Baño Antartico y Adiós...
Trip Start Oct 05, 2012
64Trip End Apr 01, 2013
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We had sailed through the night back to the South Shetland Islands and were woken up early because the guides were keen for us to see the boat sailing through 'Neptune's Bellows', the almost hidden entrance to the inner bays of Deception Island. It's a tiny passage made even more difficult on our approach by an iceberg sitting right in the navigation path of the boat. Having made it safely through (and clapped the crew!!) we anchored in the middle of the submerged crater of an immense 'sleeping' volcano.
Our destination was Telefon Bay, located to the north. The beautiful weather of the previous day had disappeared and we were left with a very cold, strong wind and grey overcast skies
The idea of a 'baño Antartico' had been muted since the start of the trip and this was the infamous location where we had to put our words into actions...!! The volcano can - at certain times - warm the water on the shore. What this means in reality is that the water is a few degrees warmer than the surrounding areas, but still pretty cold - it's certainly no thermal bath, nor do you see steam rising from any of the water. Unfortunately for us, the certain times when this happens is also related to low tide, whereas we were actually there at high tide. That wasn't enough to deter us though, and on arrival back at the beach there was about a third of us who actually stripped off and managed a dip
Onto our final destination then - Hannah Point on Livingston Island in the South Shetland Islands. Our guides had described this as one of their favourite places, representing Antarctica in a microcosm due to the density of wildlife and presence of vegetation. The landing was once again difficult due to the wind, but we managed to convince one of the sailors that if we could get enough people together he would allow us to go fast and 'jump' in the zodiac on the way back to the Ushuaia for the very last time!!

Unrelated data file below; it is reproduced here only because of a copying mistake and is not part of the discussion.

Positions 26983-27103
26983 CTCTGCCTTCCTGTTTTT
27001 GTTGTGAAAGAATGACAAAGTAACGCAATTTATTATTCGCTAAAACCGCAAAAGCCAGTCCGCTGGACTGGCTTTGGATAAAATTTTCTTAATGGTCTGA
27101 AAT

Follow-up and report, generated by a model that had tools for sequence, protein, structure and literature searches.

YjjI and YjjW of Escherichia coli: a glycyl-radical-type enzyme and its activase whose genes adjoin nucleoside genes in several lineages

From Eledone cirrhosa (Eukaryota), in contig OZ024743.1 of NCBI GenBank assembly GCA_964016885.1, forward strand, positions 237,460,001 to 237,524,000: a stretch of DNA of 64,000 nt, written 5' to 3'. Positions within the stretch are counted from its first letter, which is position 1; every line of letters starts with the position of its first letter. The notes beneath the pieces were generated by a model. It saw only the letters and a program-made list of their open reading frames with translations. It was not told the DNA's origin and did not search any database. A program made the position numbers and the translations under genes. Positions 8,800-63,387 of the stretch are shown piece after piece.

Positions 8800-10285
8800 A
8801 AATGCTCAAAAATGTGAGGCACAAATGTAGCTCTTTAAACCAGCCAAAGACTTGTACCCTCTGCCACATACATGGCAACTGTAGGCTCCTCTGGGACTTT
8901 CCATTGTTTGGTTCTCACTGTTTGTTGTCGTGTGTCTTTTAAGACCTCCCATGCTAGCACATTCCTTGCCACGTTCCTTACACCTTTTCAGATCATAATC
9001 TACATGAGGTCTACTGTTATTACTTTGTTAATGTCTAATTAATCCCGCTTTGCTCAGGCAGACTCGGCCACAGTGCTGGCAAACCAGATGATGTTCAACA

This was a guided landing due to the density of penguin colonies on the island. Because the weather is slightly warmer here, the chicks had been born earlier and we were able to see much older 'adolescent' penguins than we had previously done
We also got to see a macaroni penguin and chick, very distinctive because of their yellow spiky hair to the side of the head. There was only one standing very confidently in the middle of a chinstrap colony, and to be honest it didn't look like you would really want to mess with it - a lot bigger than the other penguins, and with a very large beak!!
The island is home to a large number of nesting birds, most of whom feed on penguin chicks when they can
A colony of elephant seals were also on the island. These lay in a giant pile of blubber just off the beach, occasionally waking up to roar or scratch themselves. Our guide explained that they were all young adolescent males who were in the process of shedding their skin, hence why they were spending time out of the water and on land. We passed a couple more groups as we made our way to the return landing beach, some of whom gave us a sleepy look as we stopped to take more photographs. Apparently they can move as fast as us, if not faster, although it's hard to believe when you see them roll around and the blubber wobble!! We were told that if one started approaching us that the best way to scare it off is to bang 2 rocks together as they really don't like the sound. I'm glad I never got to test this theory though...!!
It was a very sad group of people who stood at the landing beach waiting for what we had deemed the 'last boat' out of Antarctica. There were enough of us to fill the 'jumping' boat, and we managed to get Pablo who was the sailor who had promised to allow us to speed back to the Ushuaia
Boarding one last time, we had to hand back our life jackets and boots and it was time to put away the snow gear as it would not be required during our return journey on the Drake. Another dinner, and then it was up to the bridge to say a very sad goodbye as we watched the last pieces of Antarctica drift by, accompanied by some very dramatic music courtesy of the Third Officer, Eugenio. There was a lot of drumrolls and crashes, very apt as dark grey clouds reflecting our mood rolled in and hid the last piece of Antarctic sun...